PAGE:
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“I’m an Old guy and find that Rosenberg has captured many Real-World truths in this novel. I wish the Millennial Generation would read this novel and consider the concepts and rationale presented here.”

Get it at Amazon or on Kindle.

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Paul Rosenberg

Selfish-Sacrifice: The Essential Virtue That’s Been Lost in the Storm


If you’d like to get a good fight going in a room full of diverse people, start talking about self-sacrifice. The group will break down into two sides that will not only disagree with each other, but despise each other.

On one side will be people who have strong beliefs in higher powers. That is, they will be religious or patriotic in some fashion, or at least strongly cause-oriented. They will believe that sacrificing one’s life (or at least their comfort) for a higher cause is something important and noble… something to fight for.

On the other side will be people who try to be very rational. They will think the sacrificers are either silly or deranged, hoping that some invisible entity will reward them for pouring their lives down a drain… something to fight against.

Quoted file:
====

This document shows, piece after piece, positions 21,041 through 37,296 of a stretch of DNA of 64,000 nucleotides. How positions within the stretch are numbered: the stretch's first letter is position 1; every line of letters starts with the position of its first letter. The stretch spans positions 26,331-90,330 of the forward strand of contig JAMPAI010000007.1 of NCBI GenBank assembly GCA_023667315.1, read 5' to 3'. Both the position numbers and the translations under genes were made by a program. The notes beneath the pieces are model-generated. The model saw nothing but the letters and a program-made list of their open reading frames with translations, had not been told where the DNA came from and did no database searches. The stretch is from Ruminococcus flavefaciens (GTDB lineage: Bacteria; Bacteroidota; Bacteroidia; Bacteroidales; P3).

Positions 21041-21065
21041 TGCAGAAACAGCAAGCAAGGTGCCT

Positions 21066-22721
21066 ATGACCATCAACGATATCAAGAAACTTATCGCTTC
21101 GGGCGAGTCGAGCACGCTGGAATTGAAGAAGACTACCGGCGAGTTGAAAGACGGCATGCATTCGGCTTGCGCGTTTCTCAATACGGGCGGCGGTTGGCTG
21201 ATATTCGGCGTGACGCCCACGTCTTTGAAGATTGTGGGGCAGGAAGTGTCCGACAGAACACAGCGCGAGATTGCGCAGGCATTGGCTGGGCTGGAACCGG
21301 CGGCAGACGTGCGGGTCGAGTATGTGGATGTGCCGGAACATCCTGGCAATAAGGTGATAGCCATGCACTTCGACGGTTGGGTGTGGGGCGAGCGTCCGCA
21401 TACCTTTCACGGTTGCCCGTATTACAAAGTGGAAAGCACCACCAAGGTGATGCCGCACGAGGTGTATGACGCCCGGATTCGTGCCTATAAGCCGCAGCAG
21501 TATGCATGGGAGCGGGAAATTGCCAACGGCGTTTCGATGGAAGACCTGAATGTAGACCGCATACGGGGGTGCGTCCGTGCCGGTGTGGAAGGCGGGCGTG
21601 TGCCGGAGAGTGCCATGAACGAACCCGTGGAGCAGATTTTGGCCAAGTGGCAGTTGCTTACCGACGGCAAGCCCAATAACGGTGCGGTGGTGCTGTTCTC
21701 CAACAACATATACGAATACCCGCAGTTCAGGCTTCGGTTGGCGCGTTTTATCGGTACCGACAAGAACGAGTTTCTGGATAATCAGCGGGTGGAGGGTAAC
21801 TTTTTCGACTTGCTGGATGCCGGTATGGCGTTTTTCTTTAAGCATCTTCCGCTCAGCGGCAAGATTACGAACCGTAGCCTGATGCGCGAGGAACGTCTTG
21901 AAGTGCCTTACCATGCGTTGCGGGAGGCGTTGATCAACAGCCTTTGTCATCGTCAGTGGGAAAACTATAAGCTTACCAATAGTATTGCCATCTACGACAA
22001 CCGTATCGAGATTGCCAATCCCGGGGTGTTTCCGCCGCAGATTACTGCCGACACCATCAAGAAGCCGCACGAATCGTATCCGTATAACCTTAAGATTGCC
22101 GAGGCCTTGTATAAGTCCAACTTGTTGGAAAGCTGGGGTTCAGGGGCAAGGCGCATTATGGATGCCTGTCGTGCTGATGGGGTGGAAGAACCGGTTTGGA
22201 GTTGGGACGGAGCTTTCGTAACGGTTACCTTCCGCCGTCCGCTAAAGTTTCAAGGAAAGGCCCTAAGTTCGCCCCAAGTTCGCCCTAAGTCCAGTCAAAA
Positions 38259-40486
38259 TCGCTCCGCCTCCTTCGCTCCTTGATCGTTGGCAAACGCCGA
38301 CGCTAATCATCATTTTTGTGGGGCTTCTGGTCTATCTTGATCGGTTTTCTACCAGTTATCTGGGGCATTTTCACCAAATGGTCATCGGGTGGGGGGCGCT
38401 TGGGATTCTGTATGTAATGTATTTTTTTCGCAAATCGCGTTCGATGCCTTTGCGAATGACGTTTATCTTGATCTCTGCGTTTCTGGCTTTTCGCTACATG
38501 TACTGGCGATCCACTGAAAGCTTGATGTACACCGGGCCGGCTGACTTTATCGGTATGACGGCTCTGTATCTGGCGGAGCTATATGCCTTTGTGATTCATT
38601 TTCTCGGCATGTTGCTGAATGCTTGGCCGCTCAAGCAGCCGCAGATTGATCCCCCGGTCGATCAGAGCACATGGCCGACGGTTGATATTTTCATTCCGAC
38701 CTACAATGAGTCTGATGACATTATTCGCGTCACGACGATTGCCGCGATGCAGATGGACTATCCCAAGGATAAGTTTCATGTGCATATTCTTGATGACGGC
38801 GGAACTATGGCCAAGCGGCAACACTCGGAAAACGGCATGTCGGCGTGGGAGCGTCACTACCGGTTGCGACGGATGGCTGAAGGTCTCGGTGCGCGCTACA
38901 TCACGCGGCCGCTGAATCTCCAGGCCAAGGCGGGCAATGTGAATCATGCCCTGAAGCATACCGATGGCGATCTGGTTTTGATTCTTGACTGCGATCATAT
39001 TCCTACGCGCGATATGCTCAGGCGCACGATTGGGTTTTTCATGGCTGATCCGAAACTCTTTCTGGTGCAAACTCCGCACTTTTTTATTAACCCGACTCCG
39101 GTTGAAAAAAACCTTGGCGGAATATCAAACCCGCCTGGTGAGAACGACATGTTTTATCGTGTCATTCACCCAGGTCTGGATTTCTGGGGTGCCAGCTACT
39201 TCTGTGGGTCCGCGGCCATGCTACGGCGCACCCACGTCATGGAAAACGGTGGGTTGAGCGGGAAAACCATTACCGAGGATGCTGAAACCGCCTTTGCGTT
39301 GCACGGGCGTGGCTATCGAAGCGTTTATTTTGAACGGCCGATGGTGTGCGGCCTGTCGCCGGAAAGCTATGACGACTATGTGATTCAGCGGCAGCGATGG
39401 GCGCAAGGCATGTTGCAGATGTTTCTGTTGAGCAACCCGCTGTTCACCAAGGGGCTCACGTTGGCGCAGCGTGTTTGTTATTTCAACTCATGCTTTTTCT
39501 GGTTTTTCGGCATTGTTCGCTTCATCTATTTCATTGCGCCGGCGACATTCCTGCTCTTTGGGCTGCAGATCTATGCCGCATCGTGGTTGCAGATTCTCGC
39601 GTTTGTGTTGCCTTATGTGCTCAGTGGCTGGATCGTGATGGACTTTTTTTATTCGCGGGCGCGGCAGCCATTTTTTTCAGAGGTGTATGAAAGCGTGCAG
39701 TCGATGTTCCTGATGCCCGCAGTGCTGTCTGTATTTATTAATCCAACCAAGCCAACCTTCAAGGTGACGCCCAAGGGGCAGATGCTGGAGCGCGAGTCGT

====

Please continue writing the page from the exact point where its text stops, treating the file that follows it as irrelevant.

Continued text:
This kind of ideological food fight has been going on for a long time. The first group concludes that the second has no soul, and the second group concludes that the first has no brain. And of course, the longer the argument goes, the more polarized the room becomes.

Honestly, both sides are missing the important stuff. But before I get to that, I should clear away some debris.

Words Do Hurt Us

The word “sacrifice” is so strongly attached to emotional triggers that it’s almost useless at the present time. In fact, most of the words that are attached to this subject lead people toward kneejerk reactions rather than understanding.

Sacrifice can currently mean anything from “standing up for the truth” (a good thing, in my view) to “dying to give your ruler a few more acres to dominate” (not a good thing, in my view). So, this is our first problem area.

On top of that, there are always a few people who like self-sacrifice for odd psychological reasons, or just for sympathy. I am excluding them from this conversation to keep the discourse uncluttered. I’m also excluding the “suffering is a virtue” folks.

A related issue is the popular phrase, “Be part of something larger than yourself.” People try to mean something good by this, but it’s actually a perverse trade: You get some cheap self-esteem in return for joining yourself to something big and/or revered.

This trade—at a minimum—delays your personal development and turns you into an object that will be used by the “larger” thing.

Self-esteem is not supposed to come easy—it has to be earned, and that takes both time and effort. Joining yourself to a large entity delays or derails that process.


What we’re calling selfish-sacrifice is not a new concept (it was formerly called “suffering for righteousness’ sake”), but it has been pushed aside by “self-sacrifice,” which is now held (falsely) as a standard of goodness.

Selfish-sacrifice occurs when we act on our own desires and suffer unjustly for it. It is based upon a selfish valuing and defense of our own lives, not laying them down.